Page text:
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Intussusception and Chronic Marijuana Use in a Young Adult

Vixey Silva, Krystina Khalil, Syeda Ramsha Zaidi, Shanequa Highsmith, Jared I. Tucker

(Michigan State University College of Osteopathic Medicine, East Lansing, MI, USA)

Am J Case Rep 2021; 22:e932479

DOI: 10.12659/AJCR.932479


BACKGROUND: Intussusception is a common phenomenon in children, but it is rare in adults. In the pediatric population, the presentation is commonly primary, without a lead point. However, up to 90% of intussusception cases arise due to a secondary cause - a pathological lead point - which the most common etiology in adults being malignancy. Herein, we present a case report of adult intussusception without a known cause.
CASE REPORT: A 26-year-old woman presented to the hospital with severe abdominal pain. She admitted to not passing stool or gas for 2 days. The patient’s social history was significant for chronic marijuana use. A computed tomography (CT) scan of the abdomen revealed a 6-cm in length intussuscepted segment of bowel in the descending colon distal to the splenic flexure with no obvious inciting mass. The patient was sent for emergent open abdominal surgery. Upon surgical exploration, the surgeons discovered that the intussusception had self-resolved. Aside from a small ball of stool, an intraoperative colonoscopy revealed no masses or polyps.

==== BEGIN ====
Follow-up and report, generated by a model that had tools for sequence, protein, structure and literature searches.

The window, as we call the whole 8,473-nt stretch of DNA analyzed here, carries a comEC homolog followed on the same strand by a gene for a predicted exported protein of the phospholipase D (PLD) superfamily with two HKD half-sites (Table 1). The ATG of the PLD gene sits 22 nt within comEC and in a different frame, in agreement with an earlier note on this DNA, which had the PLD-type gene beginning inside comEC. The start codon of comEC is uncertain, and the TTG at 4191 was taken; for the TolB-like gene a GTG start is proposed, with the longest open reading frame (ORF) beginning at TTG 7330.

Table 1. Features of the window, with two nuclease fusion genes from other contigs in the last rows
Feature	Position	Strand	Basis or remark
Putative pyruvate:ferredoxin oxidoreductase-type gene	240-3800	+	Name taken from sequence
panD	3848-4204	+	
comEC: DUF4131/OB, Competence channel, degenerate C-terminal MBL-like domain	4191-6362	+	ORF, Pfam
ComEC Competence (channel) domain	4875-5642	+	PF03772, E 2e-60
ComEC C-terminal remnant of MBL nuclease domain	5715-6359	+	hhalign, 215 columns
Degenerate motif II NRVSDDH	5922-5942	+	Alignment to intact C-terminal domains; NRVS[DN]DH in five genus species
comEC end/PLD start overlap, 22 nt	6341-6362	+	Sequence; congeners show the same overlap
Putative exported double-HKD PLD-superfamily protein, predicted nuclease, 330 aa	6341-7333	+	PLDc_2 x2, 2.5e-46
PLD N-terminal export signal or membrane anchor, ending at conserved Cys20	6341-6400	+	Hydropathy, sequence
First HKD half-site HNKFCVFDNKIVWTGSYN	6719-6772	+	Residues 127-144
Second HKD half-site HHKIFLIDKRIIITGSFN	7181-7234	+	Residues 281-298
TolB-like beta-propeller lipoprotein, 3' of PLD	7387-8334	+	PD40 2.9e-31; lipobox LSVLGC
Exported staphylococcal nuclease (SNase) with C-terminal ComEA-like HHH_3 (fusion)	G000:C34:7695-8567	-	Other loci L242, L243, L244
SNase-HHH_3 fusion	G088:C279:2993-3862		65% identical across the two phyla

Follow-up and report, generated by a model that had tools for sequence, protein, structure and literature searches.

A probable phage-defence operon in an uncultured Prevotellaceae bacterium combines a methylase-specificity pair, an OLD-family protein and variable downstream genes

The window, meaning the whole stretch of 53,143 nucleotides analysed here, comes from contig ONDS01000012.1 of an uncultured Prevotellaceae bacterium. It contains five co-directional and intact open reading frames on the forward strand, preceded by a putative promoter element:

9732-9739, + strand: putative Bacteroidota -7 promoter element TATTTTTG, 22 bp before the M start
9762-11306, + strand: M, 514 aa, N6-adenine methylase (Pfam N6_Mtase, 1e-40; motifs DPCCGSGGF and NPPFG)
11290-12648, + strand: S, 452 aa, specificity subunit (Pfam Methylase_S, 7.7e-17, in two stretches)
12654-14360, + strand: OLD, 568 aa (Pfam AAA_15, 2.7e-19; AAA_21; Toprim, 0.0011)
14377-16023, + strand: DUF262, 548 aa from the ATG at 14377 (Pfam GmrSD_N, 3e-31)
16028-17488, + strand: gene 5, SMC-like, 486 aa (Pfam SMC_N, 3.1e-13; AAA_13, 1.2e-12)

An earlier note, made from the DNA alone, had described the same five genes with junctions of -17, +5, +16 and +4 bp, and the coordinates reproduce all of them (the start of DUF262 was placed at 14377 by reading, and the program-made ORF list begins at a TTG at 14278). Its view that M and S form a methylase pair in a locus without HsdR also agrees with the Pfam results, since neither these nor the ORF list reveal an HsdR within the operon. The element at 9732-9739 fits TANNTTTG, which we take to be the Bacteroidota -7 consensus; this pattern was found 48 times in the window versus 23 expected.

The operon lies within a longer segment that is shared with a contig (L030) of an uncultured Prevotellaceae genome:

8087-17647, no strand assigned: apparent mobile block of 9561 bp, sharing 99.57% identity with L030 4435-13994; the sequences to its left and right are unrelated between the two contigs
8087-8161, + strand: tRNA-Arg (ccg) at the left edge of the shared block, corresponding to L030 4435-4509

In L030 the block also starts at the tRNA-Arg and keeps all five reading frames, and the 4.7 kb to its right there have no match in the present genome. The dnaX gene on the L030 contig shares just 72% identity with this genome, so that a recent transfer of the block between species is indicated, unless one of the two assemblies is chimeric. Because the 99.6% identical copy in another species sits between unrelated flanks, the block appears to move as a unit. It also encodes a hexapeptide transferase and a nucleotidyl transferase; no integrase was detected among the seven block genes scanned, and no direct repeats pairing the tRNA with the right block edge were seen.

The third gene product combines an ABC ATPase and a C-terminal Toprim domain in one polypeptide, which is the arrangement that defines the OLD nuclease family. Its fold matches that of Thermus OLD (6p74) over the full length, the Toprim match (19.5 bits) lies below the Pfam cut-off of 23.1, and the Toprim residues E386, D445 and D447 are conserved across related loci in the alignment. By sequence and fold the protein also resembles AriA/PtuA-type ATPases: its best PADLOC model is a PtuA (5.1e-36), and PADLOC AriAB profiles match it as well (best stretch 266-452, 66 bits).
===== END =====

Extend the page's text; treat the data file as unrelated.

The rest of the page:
CONCLUSIONS: Marijuana use is known to disrupt gastrointestinal (GI) mobility through receptors in the GI tract nerve plexuses. The incidence of chronic marijuana use and adult intussusception is documented in the literature. Conservative management with bowel rest is confirmed to be a suitable treatment option with a favorable outcome. Therefore, we present this case to increase awareness of the potential adverse effects of chronic marijuana use, and to prevent invasive treatment.

Keywords: Colonic Pseudo-Obstruction, Colonoscopy, Intussusception

This paper has been published under Creative Common Attribution-NonCommercial-NoDerivatives 4.0 International (CC BY-NC-ND 4.0) allowing to download articles and share them with others as long as they credit the authors and the publisher, but without permission to change them in any way or use them commercially.
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